The Hired Hand  

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"And sometimes I'd have him or he'd have me whatever suits you." --Hannah (Bloom) to Harry Collings (Fonda) on her sleeping with "hired hands" [47:00]

"You probably think I'm pretty hot ... Well I am ... don't wannebe but I am ... I don't know how many nights I set on the porch ... watching the shed ... hopin' whoever was in there would come out ... hopin' and terrified in case he did ... wouldn't really matter whether it was you or him tonight." --Hannah (Bloom) to Arch Harris (Oates) [54:00]

"Westerns lost their appeal in the seventies with the emergence of the younger "New Hollywood" audience, who were in the process of revising long held legends of the American west. A number of Westerns made in the seventies, are, as a result, definitely not conventional re-tellings of heroism and the taming of the American frontier. Instead, they make a new space for themselves which allows little room for the glorification of violence, the genocide of the American Indian, stultifying gender roles, or a style of myth-making that has little to do with the reality of a hard scrabble life lived on the borders of civilisation. The Hired Hand directed by and starring Peter Fonda, is a perfect and lovely example of this." --Sholem Stein

"In 1968, Dennis Hopper, Peter Fonda, Jack Nicholson, Bob Rafelson and Henry Jaglom made Easy Rider, the most successful cult film of all time. It was such a success that it probably isn’t a cult film at all, but a mainstream movie. It made a lot of money, and as you know, money signifies quality. Money also conveys power. As a result of making such a successful film, all five guys were given more money to direct more films. Hopper went off to Peru and made The Last Movie, Nicholson directed Drive, He Said, Henry Jaglom made A Safe Place, Bob Rafelson made Five Easy Pieces, and Peter Fonda made a western called The Hired Hand.

Fonda’s movie is not a great film. It’s one of those acid westerns where the camerawork is all bleary and there are long transitions and the people don’t say much. It’s not as good as The Last Movie, it doesn’t have Hopper’s madness or breadth of vision. But what’s really good about it is that it has a big performance by Warren Oates in the role of Fonda’s sidekick, Harris. Warren Oates was a wonderful actor. He was in Cockfighter, a film which, because of its accurate depiction of its subject matter, can’t be shown in Britain; he was in Drum, Kid Blue, The Shooting, Bring Me the Head Of Alfredo Garcia and The Wild Bunch, among others. If you talk to a really good American actor who’s working today - someone like Dennis Hopper, Harry Dean Stanton, Ed Harris - and you ask who they think is the best American actor, living or dead, it is quite likely that they are not going to say Marlon Brando. They’ll tell you it’s Warren Oates."- Alex Cox’s original introduction, from the first Moviedrome Guide.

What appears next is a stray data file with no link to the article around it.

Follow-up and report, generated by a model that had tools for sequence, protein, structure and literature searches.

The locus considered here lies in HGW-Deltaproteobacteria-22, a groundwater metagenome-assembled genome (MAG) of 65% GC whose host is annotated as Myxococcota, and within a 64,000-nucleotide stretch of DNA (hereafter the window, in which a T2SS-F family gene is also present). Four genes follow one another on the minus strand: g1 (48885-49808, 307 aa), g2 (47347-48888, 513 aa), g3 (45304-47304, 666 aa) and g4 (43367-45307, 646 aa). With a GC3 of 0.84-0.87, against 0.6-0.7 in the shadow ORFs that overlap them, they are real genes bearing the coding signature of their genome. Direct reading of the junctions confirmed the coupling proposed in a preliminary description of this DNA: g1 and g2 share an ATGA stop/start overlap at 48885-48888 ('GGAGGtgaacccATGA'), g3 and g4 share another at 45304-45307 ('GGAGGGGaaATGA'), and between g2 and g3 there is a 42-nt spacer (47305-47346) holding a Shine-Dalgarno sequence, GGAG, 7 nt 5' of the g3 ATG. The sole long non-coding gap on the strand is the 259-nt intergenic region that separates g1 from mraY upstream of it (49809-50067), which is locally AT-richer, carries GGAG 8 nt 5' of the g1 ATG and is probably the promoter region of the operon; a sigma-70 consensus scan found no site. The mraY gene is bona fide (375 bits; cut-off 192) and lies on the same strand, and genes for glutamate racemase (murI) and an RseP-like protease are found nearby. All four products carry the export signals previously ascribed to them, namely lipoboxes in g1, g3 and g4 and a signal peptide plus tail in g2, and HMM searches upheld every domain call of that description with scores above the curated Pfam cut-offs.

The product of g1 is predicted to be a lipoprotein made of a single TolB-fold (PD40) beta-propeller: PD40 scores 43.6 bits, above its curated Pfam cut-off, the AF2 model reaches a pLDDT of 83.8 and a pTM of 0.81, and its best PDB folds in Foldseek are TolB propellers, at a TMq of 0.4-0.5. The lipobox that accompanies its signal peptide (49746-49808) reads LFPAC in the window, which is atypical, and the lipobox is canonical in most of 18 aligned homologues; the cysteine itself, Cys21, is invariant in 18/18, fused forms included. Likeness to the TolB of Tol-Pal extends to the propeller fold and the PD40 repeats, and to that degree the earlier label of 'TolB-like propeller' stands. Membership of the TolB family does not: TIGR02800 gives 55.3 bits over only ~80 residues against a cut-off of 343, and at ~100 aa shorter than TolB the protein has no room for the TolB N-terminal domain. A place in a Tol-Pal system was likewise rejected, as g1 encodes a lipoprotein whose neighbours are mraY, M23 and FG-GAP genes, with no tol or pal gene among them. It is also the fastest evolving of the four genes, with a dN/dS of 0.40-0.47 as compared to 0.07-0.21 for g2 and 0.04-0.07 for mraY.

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The Hired Hand is a 1971 western film directed by Peter Fonda, with a screenplay by Alan Sharp. The film stars Fonda, Warren Oates, and Verna Bloom. The cinematography was by Vilmos Zsigmond, and Bruce Langhorne provided the moody film score. The story is about a man who returns to his abandoned wife after seven years of drifting from job to job throughout the southwest. The embittered woman will only let him stay if he agrees to move in as a hired hand.

Upon release, the film received a mixed critical response and was a financial failure. In 1973, the film was shown on NBC-TV in an expanded version, but soon drifted into obscurity, and was not issued on home video format until 2001, when, following critically acclaimed showings of a fully restored version at various film festivals, it was released by the Sundance Channel on DVD.

Danny Peary in Cult Movie Stars praised it as a "feminist western".



Harry Collings (Fonda) and Arch Harris (Oates) are two saddle tramps who have grown weary after seven years of wandering through the American Southwest. Along with a younger companion, Dan Griffen (Robert Pratt), they stop off in Del Norte, a ramshackle town in the middle of nowhere, which is run by the corrupt McVey (Severn Darden). Harris and Griffen discuss traveling to California to look for work when Collings abruptly informs them he has decided to return to the wife he left years before. Griffen temporarily leaves the two in a bar and goes to buy supplies. Some town thugs shoot him to death out of pure meanness. Collings and Harris escape, but they return that night. Collings shoots McVey in the feet, crippling him.